Everything went well until the priest Eli decided to abscond with the tabernacle and go to Shiloh, and then David did the ultimate abomination of going to Jerusalem. Solomon built a temple there, and from the Samaritan point of view, those people left the true religion behind.

Now the Jewish timeline is that everyone was together and the northern tribes went bad and the southern stayed good and there was a split, which continues to this day. That’s the one we know from the Bible.

After the Assyrian exile, there’s also all these non-Israelites who are brought in and they intermarry with the Samaritans, and for the Jews, that lowers their status.

How much of the division should we think of as theological—a dispute over the proper place to worship—and how much of it is division over ethnic purity and who is married to whom?

No, no, that’s too Protestant. This is Judaism! You can’t differentiate the two. You hear what I’m saying? That’s where this issue lives.

There has been 2,000 years of literature—whether it’s the woman at the well asking Jesus, What are you doing here? or in rabbinic literature, the rabbis walking through Nabulus and Samaritans saying, Why are you going to Jerusalem? The holy mountain is right here! This is a long conversation.

Was that encounter common, where someone is walking by the Samaritans on the way to Jerusalem and gets these questions, like when the woman at the well asks Jesus about worshiping on the mountain versus in the temple?

Yes! Remember, all these people were walking to Jerusalem. It was the only way to get there. So for the Samaritans, all these Jews are walking by their mountain and they’re like, Are you out of your mind? You’re going to walk another day and a half? We have the mountain. And by the way, folks, we have the water.

In the rabbinic literature, there are all these stories about Samaritans heckling people going to worship in Jerusalem. It’s all on that same road that Jesus was walking.

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What did worship at Mount Gerizim look like at the time Jesus was asking that woman for water?

Well, the problem is, there was no Samaritan Josephus. Remember, we wouldn’t know much about first-century Jerusalem if it wasn’t for Josephus, writing stuff down, trying to explain things to the Romans. And there wasn’t a Samaritan doing the same thing for Mount Gerizim.

But my guess is it’s pretty close to worship in Jerusalem. There’s pilgrimage to the holy site and when they get there, there’s a sacrifice, and they’re reading Torah scrolls together.

Samaritans on Mount Gerizim
Image: Museum of the Bible

Samaritans on Mount Gerizim

After the destruction of the temple in Jerusalem, the Jews are exiled, so that’s how we end up with a diaspora. What happened to the Samaritans?

The Samaritans had a horrible situation under Rome. When it would have helped them to be seen as Jews, they weren’t. When it didn’t help, they were. They weren’t part of the revolt, but they got implicated in that, and Pontus Pilate killed a bunch of them. But when Jews had an exemption that said they didn’t have to sacrifice to the emperor, Samaritans didn’t, so they were punished if they didn’t assimilate to the Roman state religion.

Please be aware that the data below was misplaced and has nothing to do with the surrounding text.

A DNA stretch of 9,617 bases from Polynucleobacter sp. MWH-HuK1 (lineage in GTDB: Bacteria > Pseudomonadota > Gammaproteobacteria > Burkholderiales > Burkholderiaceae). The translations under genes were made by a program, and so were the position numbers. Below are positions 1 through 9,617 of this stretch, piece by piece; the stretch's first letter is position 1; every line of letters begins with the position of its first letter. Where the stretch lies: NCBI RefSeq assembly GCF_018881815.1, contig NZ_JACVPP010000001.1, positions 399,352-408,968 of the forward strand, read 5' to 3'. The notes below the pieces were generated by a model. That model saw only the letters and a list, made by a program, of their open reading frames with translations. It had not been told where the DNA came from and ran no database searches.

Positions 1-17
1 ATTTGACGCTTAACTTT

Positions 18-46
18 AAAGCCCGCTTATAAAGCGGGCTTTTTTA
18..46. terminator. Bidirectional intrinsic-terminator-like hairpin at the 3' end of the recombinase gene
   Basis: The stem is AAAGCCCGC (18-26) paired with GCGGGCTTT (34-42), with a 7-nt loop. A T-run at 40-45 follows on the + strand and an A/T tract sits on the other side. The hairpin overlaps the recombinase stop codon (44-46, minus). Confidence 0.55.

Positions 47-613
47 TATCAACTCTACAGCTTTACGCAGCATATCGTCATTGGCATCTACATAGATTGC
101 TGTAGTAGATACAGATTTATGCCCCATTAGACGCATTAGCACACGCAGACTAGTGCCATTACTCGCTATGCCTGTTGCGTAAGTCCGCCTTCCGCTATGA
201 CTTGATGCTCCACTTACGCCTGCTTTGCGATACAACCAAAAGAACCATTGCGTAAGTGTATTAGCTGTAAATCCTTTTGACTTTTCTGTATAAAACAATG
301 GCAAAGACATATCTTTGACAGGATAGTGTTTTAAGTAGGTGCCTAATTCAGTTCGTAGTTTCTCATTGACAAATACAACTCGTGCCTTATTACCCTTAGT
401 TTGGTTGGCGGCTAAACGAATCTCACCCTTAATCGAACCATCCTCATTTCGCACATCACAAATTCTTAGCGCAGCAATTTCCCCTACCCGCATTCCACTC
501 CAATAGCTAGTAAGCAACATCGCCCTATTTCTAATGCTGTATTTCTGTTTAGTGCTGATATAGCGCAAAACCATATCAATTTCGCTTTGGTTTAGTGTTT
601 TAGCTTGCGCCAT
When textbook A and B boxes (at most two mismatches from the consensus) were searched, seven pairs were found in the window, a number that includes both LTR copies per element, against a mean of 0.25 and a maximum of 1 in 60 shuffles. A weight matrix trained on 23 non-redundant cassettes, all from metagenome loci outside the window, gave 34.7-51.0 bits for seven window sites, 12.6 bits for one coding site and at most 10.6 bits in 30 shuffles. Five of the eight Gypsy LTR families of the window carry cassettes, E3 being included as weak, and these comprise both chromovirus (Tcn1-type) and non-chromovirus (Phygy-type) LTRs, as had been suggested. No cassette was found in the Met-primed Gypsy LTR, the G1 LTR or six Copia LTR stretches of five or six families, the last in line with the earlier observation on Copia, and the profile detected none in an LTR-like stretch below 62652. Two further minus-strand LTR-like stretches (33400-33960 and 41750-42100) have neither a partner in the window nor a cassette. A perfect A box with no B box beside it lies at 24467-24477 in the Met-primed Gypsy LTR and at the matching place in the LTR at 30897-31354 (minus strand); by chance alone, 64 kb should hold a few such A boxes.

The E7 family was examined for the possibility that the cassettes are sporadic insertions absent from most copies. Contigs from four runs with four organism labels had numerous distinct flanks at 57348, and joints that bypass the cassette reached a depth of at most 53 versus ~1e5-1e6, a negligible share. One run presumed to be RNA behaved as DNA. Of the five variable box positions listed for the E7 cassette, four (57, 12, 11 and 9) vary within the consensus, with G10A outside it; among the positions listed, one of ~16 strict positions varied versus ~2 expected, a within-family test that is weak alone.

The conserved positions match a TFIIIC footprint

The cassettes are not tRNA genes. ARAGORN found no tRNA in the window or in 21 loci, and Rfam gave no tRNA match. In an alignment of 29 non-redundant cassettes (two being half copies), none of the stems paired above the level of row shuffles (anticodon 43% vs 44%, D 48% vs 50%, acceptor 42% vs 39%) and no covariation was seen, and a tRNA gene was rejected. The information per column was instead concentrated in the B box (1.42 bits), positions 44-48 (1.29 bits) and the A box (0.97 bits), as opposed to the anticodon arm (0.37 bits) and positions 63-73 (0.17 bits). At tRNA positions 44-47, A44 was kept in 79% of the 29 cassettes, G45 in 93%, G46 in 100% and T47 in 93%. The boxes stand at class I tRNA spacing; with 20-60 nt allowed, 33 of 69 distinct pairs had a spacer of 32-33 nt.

Occasionally the situation is so horrible that the Jews help them. And other times it’s divide and conquer, and the Romans or other rulers pit them against each other. All the time, in all the literature on both sides, you see them working out this relationship: We’re the same. No, we’re different. No, we’re all children of Israel. Yes, but you’re wrong.

Let me give you an example. In the 16th century, this rabbi in Constantinople gets a question: We got a Samaritan Torah curtain. Somebody came to town and said we couldn’t use it. Can we use it? So what does this rabbi do? He does what rabbis do and thinks it through, right-side up to upside down, to show that Samaritans are not idolaters, and if they’re not idolaters, then they can use it. At the end of the text he says, They’re not idolators. They have images of doves on this curtain but they’re not praying to doves. It’s fine. But you know what, don’t use it!

Add the Samaritans to the story, and it complicates things! That’s why it’s so interesting.

What will people see in this exhibit at the Museum of the Bible?

We have artifacts from Samaritans from all over the world. We have a film where we collected stories from Samaritans. We called it Tales of the Samaritan Elders, where we asked them, “What is important to you to share? What do you want your grandchildren to know?” So the Samaritans tell the story of the Samaritans.

Another part of the exhibition is what Jews, Christians, and Muslims have said and done with the Samaritans. There’s that version of the story and the history of the interpretation of the Samaritans and the political questions about their existence.

It will open the evening of September 15, and you can see it through the end of the year. Then it goes to Bibel Haus in Frankfurt, Germany, from March through July. After that I’m hoping we can package it for smaller venues, Jewish community centers and Christian colleges, and maybe it can come to where you are! I hope everyone gets a chance to see it.

Correction: The Museum of the Bible exhibit will run through January 1, 2023.